Eight years later, Jack's fixation with the cathedral leaves him little time or energy for anything else, while Aliena's fixation with the distant Earldom of Shiring has married her to Alfred, a man ...
As a result of his journeys, Jack has learned how to fulfill Tom Builder's dream of a cathedral filled with light. Aliena tracks Jack by following the trail of his carvings. Waleran offers Philip a ...
Princess Maude seems to have gained the upper hand having defeated King Stephen on the battlefield and taken him prisoner. However, her brother, Gloucester, has been taken prisoner by the other side,...
The Pillars of the Earth is set against a backdrop of war, religious strife and power struggles which tears lives and families apart. In that time, there rises a magnificent Cathedral in Kingsbridge. Against the backdrop, love-stories entwine: Tom, the master builder, Aliena, the noblewoman, the sadistic Lord William, Philip, the prior of Kingsbridge, Jack, the artist in stone work and Ellen, the woman from the forest who casts a curse. At once, this is a sensuous and enduring love story and an epic that shines with the fierce spirit of a passionate age. Follett masterfully weaves these stories through political turmoil of 12th century England, creating a relevant and viable world for today's audience and for generations to come.Written by
Throughout the series, Stephen and Matilda are both referred to as "Majesty". English kings and queens did not use the title "Majesty" until the middle of the 16th century, nearly 400 years after the setting of this series See more »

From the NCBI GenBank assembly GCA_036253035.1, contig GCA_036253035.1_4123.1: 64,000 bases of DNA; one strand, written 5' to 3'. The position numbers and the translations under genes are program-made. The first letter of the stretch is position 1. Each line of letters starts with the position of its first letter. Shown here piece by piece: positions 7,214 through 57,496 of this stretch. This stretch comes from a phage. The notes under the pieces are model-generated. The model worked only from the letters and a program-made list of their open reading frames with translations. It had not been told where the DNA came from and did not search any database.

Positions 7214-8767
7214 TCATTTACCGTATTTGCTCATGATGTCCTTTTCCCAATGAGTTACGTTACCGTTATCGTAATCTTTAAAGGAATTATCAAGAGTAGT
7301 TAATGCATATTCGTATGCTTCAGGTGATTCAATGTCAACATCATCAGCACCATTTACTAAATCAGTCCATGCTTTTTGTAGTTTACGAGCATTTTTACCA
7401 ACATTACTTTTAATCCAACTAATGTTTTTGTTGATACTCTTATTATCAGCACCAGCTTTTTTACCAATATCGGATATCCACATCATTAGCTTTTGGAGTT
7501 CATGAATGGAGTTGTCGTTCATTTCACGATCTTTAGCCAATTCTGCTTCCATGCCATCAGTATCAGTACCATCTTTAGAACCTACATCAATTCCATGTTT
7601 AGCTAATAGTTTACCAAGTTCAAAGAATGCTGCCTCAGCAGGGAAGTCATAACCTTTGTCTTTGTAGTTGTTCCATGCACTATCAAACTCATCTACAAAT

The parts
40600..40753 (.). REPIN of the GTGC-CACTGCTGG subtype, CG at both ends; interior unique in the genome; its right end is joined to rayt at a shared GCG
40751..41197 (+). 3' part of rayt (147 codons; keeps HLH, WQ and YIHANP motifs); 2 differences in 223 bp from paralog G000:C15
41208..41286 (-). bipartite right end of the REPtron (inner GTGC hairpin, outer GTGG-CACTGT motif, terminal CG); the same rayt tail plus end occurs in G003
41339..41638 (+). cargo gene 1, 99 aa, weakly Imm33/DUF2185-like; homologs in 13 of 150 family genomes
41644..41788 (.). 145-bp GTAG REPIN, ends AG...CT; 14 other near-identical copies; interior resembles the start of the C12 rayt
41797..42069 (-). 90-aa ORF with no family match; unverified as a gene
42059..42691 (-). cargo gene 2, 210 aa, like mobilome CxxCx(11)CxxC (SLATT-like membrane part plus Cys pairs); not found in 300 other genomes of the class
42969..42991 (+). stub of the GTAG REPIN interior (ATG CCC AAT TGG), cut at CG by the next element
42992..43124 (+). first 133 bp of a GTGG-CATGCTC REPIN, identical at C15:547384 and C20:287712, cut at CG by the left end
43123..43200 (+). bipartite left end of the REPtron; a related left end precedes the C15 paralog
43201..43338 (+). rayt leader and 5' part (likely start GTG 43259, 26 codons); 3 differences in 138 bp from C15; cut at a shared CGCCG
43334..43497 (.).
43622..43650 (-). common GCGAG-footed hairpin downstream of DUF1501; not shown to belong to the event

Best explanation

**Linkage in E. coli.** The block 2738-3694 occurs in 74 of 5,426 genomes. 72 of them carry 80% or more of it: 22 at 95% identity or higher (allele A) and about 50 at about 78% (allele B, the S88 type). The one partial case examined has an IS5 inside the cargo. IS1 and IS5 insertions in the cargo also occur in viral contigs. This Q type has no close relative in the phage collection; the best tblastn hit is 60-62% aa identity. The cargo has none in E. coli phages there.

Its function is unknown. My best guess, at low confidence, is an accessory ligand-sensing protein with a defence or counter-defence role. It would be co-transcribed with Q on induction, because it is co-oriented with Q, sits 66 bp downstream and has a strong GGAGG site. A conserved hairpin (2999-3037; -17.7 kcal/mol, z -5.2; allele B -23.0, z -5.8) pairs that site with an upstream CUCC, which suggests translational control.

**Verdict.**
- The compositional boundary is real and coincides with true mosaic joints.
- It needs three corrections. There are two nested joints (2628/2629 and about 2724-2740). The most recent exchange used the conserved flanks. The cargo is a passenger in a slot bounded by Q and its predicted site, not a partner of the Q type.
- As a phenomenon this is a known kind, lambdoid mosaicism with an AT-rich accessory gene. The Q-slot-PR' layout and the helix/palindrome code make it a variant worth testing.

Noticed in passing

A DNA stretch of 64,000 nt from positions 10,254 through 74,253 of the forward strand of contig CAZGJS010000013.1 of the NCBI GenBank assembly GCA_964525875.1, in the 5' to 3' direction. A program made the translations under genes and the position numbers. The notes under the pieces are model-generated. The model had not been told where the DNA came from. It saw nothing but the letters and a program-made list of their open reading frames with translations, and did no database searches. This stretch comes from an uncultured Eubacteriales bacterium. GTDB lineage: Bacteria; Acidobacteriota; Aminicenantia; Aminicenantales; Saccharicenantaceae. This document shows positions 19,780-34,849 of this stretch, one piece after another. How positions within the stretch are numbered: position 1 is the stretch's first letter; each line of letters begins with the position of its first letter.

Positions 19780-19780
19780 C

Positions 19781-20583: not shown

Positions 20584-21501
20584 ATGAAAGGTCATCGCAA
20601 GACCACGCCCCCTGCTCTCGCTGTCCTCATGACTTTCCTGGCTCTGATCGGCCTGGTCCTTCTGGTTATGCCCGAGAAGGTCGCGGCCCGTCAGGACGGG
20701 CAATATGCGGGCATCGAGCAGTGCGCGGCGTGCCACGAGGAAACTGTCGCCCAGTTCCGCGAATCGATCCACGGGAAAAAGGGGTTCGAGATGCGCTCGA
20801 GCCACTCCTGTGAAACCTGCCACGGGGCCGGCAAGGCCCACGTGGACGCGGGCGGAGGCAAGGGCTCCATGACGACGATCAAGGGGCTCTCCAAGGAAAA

I have read everything Ken Follett has written, but I pretty much had him pegged as a writer of extraordinarily readable suspense potboilers. Better than Stephen King, but no Cormac McCarthy. Then, in 1989 he unveiled "Pillars of the Earth" and I was stunned. Follett gave full rein to his incredibly vivid and compelling storytelling abilities. When I finished I was sad. I could no longer follow the adventures of these heroic and scheming English men and women in the the tumultuous 12th Century, a time of uncertainty over who should be on the throne.
I have now watched the first six episodes (available on Netflix for instant viewing) and am dying to see the final two when they come available. I didn't know what to expect, but I can declare myself fully satisfied.
What worried me most going in was the series was what the tone would be. Follett is a master of grand, operatic gestures. The mini-series captures that.
He also is far from shy about sex, barbarism and vulgarity. There's a scene when the monks put Ellen on trial as a witch that made my jaw drop. No F-bombs, but one startling c**t bomb. The incest theme between William and his mother is not explicitly shown, but very clear.
Occasionally, it's a bit "stagey" and the CGI is good, but not state of the art.
Still, "Pillars" is a triumph of epic storytelling.
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